10 September 4 MINS READ
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Mortgage protection insurance (MPI) can help your family in covering your mortgage in certain circumstances, allowing you to avoid foreclosure if you are unable to work to pay your mortgage.

Let's look more closely at what MPI is, what it covers, and who might require a policy.


Mortgage protection insurance, also known as mortgage life insurance, is an insurance policy that pays off your remaining mortgage balance if you die or become disabled unexpectedly. In some cases, it may even cover your mortgage if you are laid off.

It's important to understand, however, that the only beneficiary on a mortgage protection life insurance policy is your mortgage lender; your loved ones will not benefit directly from the coverage. This also means that if the policy only covers a portion of the mortgage balance rather than the entire balance, your family could lose the house and receive no compensation.


Mortgage protection insurance is typically purchased at the time of or shortly after the purchase of a home. The length of the policy will correspond to the number of years you have to pay off your mortgage. Mortgage protection insurance is typically sold by your mortgage lender, an insurance company affiliated with your lender, or another insurance company that mails you after discovering your information through public records. The premiums can be rolled into your loan if you purchase it from your mortgage lender.

The policy's beneficiary is the mortgage lender, not your spouse or another person of your choosing. This means that if you die, the insurer will pay the remaining balance on your mortgage to your lender. This type of life insurance does not provide funds to your family.

This is not the same as a standard term life insurance policy, which is another option if you want a life insurance policy to help pay off your mortgage if you die. You could get a regular term life policy with a face value at least equal to the amount of the mortgage you still owe. If you die during the term of the policy, your beneficiaries receive the death benefit, which they can use to pay off the mortgage.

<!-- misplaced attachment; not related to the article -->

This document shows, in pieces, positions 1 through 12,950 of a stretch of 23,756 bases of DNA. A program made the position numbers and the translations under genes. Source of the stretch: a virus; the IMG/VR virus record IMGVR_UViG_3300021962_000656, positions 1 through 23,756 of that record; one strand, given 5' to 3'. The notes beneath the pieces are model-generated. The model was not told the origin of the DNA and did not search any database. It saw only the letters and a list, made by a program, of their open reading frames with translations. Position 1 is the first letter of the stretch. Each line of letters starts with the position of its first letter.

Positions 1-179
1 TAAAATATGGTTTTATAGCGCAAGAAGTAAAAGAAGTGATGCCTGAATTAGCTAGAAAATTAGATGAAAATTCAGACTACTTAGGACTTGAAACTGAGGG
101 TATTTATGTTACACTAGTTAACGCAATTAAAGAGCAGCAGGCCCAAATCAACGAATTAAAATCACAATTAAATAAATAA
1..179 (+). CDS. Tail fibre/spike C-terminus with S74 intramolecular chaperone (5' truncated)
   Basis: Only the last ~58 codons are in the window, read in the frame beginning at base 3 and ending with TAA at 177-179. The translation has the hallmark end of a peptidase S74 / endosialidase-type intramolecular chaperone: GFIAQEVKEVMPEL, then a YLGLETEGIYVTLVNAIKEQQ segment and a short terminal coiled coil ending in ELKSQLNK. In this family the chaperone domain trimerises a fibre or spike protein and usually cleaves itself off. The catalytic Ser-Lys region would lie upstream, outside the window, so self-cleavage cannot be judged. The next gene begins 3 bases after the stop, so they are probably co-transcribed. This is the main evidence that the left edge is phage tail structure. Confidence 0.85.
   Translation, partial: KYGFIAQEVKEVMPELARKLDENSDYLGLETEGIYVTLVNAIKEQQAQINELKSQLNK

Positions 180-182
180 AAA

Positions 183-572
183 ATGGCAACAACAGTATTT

Your beneficiaries can use a term life insurance death benefit for anything, so if you believe that paying off your mortgage is the most important priority, make that clear in your will.


If you purchase mortgage protection insurance, you will continue to pay monthly premiums for the life of the policy. If you stop paying your premiums, your insurance company may cancel your benefits. You have the same right to cancel as you do with most other types of insurance. However, keep in mind that if you cancel, you will not receive any of the money you paid to your insurance provider.


Mortgage protection insurance is optional. It is not the same as private mortgage insurance, which many banks and lenders require. The terminology and acronyms make it simple to confuse the two products. Mortgage protection insurance, or MPI, is a type of credit life insurance that is optional and pays the lender rather than your beneficiaries while PMI, or private mortgage insurance, is different. If your down payment is less than 20%, your lender may require you to purchase private mortgage insurance.


One significant advantage is that you may not need to go through an underwriting process to get approved. For most term life policies, underwriting determines eligibility and rates, which means your age and health status, as well as a full medical exam, determine both whether you can get coverage and how much you'll pay. Some insurers provide mortgage protection insurance without underwriting, so you won't have to worry about being denied, and there is no medical exam.

Another significant and obvious benefit is that your family can remain in your home if you die without having to repay a loan. The coverage amount matches your mortgage, ensuring you have enough to repay everything you owe. The ability to avoid this financial burden is a significant benefit for surviving family members, especially if you were the primary breadwinner.


Mortgage protection insurance is often inferior to term life insurance. It can be more expensive for the coverage you receive, and the death benefit value depreciates over time. By the way, the mortgage isn't the only expense associated with owning a home. In addition to monthly payments, there are property taxes and insurance, which can total thousands of dollars. If your family is unable to cover these expenses, they will be forced to sell the home, even if the mortgage is paid in full. A term life policy can provide a larger death benefit, allowing you to pay the mortgage while also covering these other expenses.

Furthermore, the policy's payoff is not guaranteed with mortgage protection insurance. If you pay off your mortgage before you die, you'll have nothing to show for all those years of premium payments.


Purchasing insurance is a responsible way to ensure your family's well-being. To determine what is best for you, you should investigate all of your options, including mortgage protection insurance, and consult with your loved ones. Before making any decisions, consider your loan amount and insurance quotes, and read all fine print.